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David Kan
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Turntable/Tonearm/Cartridge: Denon DP-59L/DL-302, Rega Planar 3/RB300/Elys
Digital Source: Micromega Microdrive and Variodac, Marantz SA8260, Philips CDV770, Deltec Little Bit DAC, Deltec PDM Two DAC
Preamp: Dared MC-7P, KingRex Preamp, KingRex PREference
Power Amp/Integrated Amp: Elekit TU-879S
Speakers: Klipsch Synergy F2, JohnBlue JB3, Loth-X BS1
Cables: Clearaudio Silver Line interconnect, Dared OFC interconnect, Deltec Black Slink interconnect, Luscombe LBR-35 interconnect, JohnBlue S2 speaker cables, OCOS speaker cables by Dynaudio, Aural Symphonic Digital Standard digital cable, Audience Conductor “e" speaker cables and interconnect
Power Cords:
Aural Symphonic Missing Link, Ensemble Powerflux, Symphonic Line
Power Line Conditioning: Tice Power Block IIIC, Monster Power HTS-3500 Mk II (modified by NuForce), Monster Power HTS-1000 Mk II
Room Size: 15’ x 13.5’ x 7’/8’ diagonal setup / 11’ x 18’ x 7’/8’ opens to 18’ x 19’ x 7’/8’, long wall setup, carpeted concrete slab floor, suspended ceiling and all walls finished with drywall (basement with small window on one side, which is concrete foundation wall with insulation).
Review component retail price: $2,188 (optional upgrades available)

With a footprint of 7" by 10.5" and weighing a mere 11.4 pounds, the JohnBlue TL66 is one cute little tube monoblock with a style all its own. I personally miss the earlier production’s unique bronze-yellow scheme now replaced by conventional black.

The cosmetic layout remains the same however. Power switch, volume knob and RCA input socket are located on deck to optimize short signal paths while the IEC power socket and speaker binding posts are logically assigned to the rear. Factory-fitted with NOS Russian OTK 6L6 power tubes also known as PAДИO 6n3cE (my personal favorite), the amp also accepts KT66, KT88, 6550 and EL34 all interchangeably thanks to auto bias. Driver tubes are NOS Sylvania 6AU6.

As I reported in my 2008 Best of Year discoveries, I found in Tommy Wu, designer and owner of JohnBlue Audio Art, a sort of artist. And there’s a strong audiophile DIY spirit inside and around the TL66’s black sand-blasted steel chassis. Minimal cosmetic touches here and there are somewhat improvisational.

The very classy JohnBlue plaque is golden and the slim tapering volume knob silver. The knob’s tiny engraved position marker looks très chic in daytime but becomes illegible in dim lighting when the naked blue LED indicator takes over like anti-aircraft glare. (My counter measure is to put a flat plastic ring around the knob marked with a more legible dot.) Some might think that volume control for a power amp is one devil they don’t need. I personally don’t mind especially for monoblocks as attenuators serve for left and right channel balance. That aside, you have the flexibility of feeding signals directly off a source. Volume control is by Japanese Blue Velvet Alps.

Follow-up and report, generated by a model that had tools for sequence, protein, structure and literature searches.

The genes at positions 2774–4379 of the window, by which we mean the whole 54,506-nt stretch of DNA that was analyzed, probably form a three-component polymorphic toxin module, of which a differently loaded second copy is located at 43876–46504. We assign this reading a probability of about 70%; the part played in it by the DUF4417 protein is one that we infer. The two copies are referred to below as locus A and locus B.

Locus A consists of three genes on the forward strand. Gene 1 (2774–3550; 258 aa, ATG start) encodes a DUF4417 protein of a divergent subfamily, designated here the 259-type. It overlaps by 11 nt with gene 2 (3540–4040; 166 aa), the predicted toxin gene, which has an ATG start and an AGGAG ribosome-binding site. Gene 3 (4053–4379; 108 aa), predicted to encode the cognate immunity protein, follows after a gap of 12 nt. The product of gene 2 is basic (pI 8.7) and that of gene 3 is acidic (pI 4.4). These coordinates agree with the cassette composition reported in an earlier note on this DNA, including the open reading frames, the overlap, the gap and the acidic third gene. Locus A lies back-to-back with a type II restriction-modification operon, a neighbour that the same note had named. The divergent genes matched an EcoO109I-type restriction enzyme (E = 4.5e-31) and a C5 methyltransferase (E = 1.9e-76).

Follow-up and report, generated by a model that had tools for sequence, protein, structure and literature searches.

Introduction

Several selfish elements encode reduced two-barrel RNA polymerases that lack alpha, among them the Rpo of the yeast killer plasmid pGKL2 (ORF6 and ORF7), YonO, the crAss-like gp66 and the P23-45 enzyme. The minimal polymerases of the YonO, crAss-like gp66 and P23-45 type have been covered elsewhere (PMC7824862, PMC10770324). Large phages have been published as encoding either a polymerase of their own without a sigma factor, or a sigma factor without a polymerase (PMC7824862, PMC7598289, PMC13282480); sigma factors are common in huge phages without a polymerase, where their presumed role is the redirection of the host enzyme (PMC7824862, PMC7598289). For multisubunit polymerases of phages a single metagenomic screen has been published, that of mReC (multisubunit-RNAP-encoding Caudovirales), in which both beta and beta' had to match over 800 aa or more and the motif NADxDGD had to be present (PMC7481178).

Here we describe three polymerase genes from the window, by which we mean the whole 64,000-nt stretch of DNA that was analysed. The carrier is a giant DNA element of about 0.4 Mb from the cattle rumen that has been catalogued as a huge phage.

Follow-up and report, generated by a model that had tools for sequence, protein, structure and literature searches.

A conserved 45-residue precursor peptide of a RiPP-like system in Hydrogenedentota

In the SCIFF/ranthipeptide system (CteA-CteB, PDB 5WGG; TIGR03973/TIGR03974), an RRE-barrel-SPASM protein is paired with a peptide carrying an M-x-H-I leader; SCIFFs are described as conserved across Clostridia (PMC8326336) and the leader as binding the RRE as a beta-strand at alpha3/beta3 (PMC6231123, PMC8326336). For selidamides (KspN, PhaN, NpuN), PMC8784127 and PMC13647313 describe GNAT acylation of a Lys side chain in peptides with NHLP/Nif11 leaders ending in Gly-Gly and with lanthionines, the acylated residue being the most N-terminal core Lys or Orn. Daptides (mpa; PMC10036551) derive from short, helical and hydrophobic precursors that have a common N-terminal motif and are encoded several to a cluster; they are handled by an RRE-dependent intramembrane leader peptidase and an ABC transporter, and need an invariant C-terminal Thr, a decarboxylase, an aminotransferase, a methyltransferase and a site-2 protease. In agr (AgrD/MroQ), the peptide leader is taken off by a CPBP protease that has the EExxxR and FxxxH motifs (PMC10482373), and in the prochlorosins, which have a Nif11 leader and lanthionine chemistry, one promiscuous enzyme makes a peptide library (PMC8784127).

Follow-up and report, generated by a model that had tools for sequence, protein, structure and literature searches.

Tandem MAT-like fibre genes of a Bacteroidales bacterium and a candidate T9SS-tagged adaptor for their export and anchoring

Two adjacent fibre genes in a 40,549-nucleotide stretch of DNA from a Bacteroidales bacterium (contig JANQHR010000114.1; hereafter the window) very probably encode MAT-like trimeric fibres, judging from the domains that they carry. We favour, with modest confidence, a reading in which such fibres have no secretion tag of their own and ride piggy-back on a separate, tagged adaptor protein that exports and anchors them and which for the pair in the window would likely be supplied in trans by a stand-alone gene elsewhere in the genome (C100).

Inside, 'simple is beautiful' rules. There are less than 30 components and extremely simple point-to-point wiring. As the website claims:"Internal parts employ an eclectic mix of audiophile-grade German, American and Japanese parts that offer an unsurpassed sonic experience. The amps are hand-made in Taiwan. Compared to equipment that is supplied with standard current-production Chinese or Russian tubes, our amplifier uses NOS OTK 6L6 (circa 1980s) for its power stage and NOS Sylvania 6AU6 driver tubes for the driver stage. The output transformer is hand-wound by Mr. Lee, the inventor of the famed 'Litz' winding technique.

"Internal components consist of NOS Frako capacitors originally made in East Germany. The horizontal champagne and gold-colored audiophile Frako and Roe caps are often seen utilized in Studer CDPs. Frako and Roe capacitors are technically alike though Frako is less bright than ROE. Frako is renowned for its midbass punch and subtle airiness. The main coupling caps are of the proprietary JohnBlue brand Mr. Cable. AC power filter caps are audiophile-grade Hitachi, BHC Aerovox or Rifa supplied by special order. Other parts include carbon and Allan Bradley resistors, pure virgin and OCC copper wires for internal point-to-point wiring and Wonder Solder for all contact and lead points."

Technical specifications are conservatively rated as a max output power of 6 watts, frequency response of 20Hz to 20kHz ±1.5dB and output impedance of 8Ω. Initial auditions partnering JohnBlue S2 speaker cables and JB3 widebanders were astonishing. The 3" drivers were packing incongruous energy from the mid to lower bass. Yes, I do mean lower bass especially with the hand-picked demo CDs Tommy had supplied.

The surprise element persisted with the bigger drivers of his JB4 speaker. The overall tonal spectrum was well-proportioned and the soundstage had incredible breadth and depth. But the most overwhelming aspect was the uncontrived valve bloom that set the right balance between old fart’s excess and young gun’s snap. Harmonics were magical. But one thing bothered me. I emailed Tommy: "One of the monoblocks suffers microphony. When touching the volume knob, top of the caps or chassis near the volume knob, there are echoes coming through the speaker. When I swap the driver tubes, the effect moves to the other amp. So I guess it's just the tubes?"